Hot rod culture is typically an American phenomenon but the French have tried their hand
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To start, the shops nailed the profile. The Espada is low-slung, chopped, and positively menacing.
According to the Danton Art Kustom’s website, the project started with a conversation between the shop’s founder Alexandre Danton and Hervé Castagno of Carrosserie Hervé, who had acquired a 1970 Espada. Castagno had decided he wanted to commemorate the car’s 50th anniversary (the first model year was 1968)by doing something special.
Together, the two shops let their creativity run wild.
Guided by the word “Espada,” which refers to a matador’s sword in Spanish and Portuguese, the shops worked to make each sheet metal cut look as if a sword had made a precision slice. They made a drawing first then translated that to a digital design and, finally, to the the car itself.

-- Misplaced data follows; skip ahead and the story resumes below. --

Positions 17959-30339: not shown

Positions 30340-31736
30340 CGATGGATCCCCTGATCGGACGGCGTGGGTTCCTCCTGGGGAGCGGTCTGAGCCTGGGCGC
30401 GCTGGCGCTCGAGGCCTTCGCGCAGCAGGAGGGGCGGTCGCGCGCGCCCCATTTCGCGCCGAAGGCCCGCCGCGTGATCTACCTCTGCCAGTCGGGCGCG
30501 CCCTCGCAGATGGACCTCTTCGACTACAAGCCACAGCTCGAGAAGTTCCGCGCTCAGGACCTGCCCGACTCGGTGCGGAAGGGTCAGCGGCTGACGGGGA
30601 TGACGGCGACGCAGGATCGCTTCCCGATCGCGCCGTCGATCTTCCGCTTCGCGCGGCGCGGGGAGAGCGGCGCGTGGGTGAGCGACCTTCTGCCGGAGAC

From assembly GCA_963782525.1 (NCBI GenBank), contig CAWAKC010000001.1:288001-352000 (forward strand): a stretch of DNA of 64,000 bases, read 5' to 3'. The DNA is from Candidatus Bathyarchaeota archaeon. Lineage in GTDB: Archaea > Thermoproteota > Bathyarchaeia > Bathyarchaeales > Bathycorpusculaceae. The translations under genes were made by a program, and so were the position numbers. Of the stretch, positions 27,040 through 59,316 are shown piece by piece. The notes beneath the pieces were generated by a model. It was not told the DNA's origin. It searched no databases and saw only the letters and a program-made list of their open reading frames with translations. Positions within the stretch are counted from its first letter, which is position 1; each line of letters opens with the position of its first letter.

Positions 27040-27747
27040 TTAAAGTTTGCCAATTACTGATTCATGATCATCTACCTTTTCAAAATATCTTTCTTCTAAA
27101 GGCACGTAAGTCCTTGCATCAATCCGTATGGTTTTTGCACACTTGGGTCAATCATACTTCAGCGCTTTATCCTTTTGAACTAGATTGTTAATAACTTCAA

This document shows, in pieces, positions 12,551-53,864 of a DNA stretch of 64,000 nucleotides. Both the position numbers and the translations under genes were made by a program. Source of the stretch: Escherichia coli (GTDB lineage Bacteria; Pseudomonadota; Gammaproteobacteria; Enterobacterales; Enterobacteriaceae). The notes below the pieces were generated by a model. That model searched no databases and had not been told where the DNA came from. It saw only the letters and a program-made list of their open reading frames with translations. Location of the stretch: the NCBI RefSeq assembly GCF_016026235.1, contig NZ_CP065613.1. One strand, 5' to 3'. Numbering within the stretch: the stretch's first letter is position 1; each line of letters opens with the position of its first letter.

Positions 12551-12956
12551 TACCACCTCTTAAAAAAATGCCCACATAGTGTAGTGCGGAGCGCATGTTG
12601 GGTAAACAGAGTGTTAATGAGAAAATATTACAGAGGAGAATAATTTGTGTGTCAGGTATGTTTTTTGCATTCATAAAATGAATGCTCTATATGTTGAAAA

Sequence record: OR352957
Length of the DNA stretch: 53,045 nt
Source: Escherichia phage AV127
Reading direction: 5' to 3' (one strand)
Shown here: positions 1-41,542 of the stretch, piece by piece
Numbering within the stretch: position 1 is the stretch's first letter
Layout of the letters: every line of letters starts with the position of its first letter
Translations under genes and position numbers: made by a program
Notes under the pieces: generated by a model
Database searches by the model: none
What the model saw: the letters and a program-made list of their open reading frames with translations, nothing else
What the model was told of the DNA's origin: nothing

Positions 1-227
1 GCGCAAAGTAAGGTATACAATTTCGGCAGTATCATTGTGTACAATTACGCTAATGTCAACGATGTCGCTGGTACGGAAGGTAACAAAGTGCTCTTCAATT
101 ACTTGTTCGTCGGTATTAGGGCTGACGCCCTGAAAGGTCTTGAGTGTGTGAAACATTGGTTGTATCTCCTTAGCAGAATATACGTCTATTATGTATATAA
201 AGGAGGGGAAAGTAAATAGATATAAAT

Up front sits a new Lamborghini V-12 engine, though we don’t know much power it produces. Nor do we know what else what into the build, or how much of the original Espada remains. From the sound of it, the build is still very much an Espada at heart.
In one final nod to the car’s heritage, the shops donned the side panels with green, white, and red stripes. The style is similar to some of Lamborghini’s modern track machines and we think it’s an excellent touch to commemorate the sedan turned Italian hot rod.
Danton Arts Kustoms seems to have knack for building European hot rods. Other cars it has done include a Porsche 964, a 911 Targa, and a Peugeot 201. The shop has had plenty of experience with American cars, too. A handful of Jeeps, a GMC, and Chevrolet have all experienced the Danton Arts Kustoms touch.1 comment